To celebrate Pride Month, we are recognizing the achievements and experiences of the A&S LGBTQ2S+ community and — as allies and community members alike — we are working to build on a more welcoming, inclusive and representative community.
The University of Toronto wouldn’t have been the same for Mahfam Nikoo without safe spaces of celebration, learning and support — so she helped make them a reality.
“I’m passionate about creating spaces for 2SLGBTQ students because those same spaces were created for me when I was younger and continue to be where I find communities that feel like family,” says Nikoo, who earned her bachelor of science degree in neuroscience, psychology and sexual diversity studies in 2020 as a member of Victoria College.
“I want 2SLGBTQ people to be able to recharge, have fun, fall in love and laugh so I do my best to help create a variety of spaces where transformative learning, personal growth and community building take place in ways that allow my community to move through the world a little easier and feel more uplifted.”
Through her work with U of T’s Sexual & Gender Diversity Office, she helped run events including U of T’s Pride Pub, participated in the Trans March, Dyke March and Pride parade, and participated in a number of other on-campus events. In 2018, she facilitated A Conversation Café called The Words We Use, which invited participants to explore the labels that are applied to people and how they empower and limit us.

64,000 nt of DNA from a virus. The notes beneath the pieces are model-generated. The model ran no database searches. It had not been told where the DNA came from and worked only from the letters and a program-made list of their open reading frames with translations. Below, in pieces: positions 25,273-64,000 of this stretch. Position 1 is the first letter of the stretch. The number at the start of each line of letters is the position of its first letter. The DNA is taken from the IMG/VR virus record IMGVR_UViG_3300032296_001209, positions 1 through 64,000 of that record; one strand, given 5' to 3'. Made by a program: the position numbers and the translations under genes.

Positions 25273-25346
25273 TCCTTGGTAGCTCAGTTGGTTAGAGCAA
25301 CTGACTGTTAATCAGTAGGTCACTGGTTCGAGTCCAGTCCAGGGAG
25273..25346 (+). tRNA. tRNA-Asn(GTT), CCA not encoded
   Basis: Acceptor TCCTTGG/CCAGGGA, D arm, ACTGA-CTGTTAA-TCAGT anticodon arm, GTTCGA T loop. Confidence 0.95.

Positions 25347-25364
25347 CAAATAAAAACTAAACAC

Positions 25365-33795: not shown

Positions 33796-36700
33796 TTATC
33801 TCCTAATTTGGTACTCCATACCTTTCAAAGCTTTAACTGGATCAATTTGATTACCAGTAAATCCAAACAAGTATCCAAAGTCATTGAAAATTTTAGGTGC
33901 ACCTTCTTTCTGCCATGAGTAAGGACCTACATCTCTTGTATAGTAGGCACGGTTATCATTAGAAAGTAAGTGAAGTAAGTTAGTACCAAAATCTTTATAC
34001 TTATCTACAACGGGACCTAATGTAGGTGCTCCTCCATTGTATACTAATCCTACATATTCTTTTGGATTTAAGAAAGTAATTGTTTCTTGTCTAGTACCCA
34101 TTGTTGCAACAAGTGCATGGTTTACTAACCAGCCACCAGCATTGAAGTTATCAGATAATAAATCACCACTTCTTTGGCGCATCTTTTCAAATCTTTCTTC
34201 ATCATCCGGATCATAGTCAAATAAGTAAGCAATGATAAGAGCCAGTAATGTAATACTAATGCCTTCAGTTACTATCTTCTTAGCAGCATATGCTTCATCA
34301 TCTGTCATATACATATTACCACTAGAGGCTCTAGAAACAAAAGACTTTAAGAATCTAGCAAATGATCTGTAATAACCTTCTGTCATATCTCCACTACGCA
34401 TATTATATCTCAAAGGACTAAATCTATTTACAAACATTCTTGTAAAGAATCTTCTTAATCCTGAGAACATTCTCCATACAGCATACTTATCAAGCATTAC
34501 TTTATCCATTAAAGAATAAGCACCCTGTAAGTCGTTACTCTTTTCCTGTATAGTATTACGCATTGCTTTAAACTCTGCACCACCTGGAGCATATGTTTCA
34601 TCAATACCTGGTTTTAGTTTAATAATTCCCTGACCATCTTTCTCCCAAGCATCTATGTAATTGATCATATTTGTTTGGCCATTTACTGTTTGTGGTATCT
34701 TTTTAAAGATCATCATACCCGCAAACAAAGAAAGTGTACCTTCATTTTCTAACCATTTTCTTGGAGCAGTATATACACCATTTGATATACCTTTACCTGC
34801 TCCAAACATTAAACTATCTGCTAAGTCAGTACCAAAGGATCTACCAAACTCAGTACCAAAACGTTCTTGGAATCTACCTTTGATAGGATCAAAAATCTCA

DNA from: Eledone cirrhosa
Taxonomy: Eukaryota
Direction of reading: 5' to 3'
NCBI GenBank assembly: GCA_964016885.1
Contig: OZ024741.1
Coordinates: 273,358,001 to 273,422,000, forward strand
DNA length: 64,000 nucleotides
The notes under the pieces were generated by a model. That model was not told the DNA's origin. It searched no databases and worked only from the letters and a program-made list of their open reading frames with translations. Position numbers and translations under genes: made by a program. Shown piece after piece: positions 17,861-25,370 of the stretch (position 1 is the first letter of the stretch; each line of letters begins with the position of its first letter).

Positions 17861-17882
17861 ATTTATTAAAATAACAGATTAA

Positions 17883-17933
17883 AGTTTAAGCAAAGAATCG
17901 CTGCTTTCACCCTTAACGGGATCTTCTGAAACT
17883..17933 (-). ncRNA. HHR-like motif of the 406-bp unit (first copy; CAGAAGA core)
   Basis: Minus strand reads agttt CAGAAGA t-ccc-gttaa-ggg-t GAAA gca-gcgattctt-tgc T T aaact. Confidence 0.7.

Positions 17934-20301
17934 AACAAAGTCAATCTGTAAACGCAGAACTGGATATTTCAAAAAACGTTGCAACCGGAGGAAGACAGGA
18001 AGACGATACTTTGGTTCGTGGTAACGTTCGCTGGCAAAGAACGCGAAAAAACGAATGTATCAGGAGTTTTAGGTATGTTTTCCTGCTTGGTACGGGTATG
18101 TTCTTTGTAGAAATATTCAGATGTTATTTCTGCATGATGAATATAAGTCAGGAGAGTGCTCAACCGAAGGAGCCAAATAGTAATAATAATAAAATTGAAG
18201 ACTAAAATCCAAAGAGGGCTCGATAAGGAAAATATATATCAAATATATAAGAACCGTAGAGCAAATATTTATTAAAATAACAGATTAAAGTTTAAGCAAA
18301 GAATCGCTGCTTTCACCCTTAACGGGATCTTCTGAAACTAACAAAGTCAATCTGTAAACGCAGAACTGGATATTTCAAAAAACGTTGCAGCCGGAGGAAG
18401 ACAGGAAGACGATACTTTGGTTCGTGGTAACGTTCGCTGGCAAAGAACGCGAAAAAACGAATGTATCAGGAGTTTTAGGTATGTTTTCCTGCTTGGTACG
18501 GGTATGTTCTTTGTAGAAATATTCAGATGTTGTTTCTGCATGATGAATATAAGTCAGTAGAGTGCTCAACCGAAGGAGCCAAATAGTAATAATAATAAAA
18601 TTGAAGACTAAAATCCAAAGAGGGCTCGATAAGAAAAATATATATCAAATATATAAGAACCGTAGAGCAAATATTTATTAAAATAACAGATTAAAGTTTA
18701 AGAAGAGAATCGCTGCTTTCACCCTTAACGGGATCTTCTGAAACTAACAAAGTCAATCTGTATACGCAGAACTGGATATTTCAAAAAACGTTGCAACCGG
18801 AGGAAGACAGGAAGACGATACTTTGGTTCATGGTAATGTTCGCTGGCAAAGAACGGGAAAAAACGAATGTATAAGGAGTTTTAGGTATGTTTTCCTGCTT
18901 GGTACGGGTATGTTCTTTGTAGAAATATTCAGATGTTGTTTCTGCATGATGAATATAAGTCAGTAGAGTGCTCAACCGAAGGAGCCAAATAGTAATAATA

“2SLGBTQ identity terms can be a really helpful way of finding community and exploring gender and sexuality, but many people feel labels can also be limiting or might feel too much pressure to find the words that resonate with them quickly and confidently,” she explains. “Maybe it goes without saying, but I think it’s also important to remind ourselves that people who share identity labels will not all have identical experiences. I feel it’s helpful to use labels as tools to build community and explore our own sense of self. It’s more of a step rather than a final destination.”
With COVID-19 limitations this year, her time has been focused on promoting online Pride events and designing a career guide for trans students.
“Throughout my undergrad, I made the time to work on annual Pride events because without spaces of 2SLGBTQ celebration, learning and support, my academic life would have definitely suffered. I imagine that many other queer and trans students would feel similarly, in that having a sense of community really helps us thrive in other various aspects of our lives as well,” she says.
“Pride feels special for me because it is a time to reflect on the histories of 2SLGBTQ communities and recommit to showing up for one another in new ways.”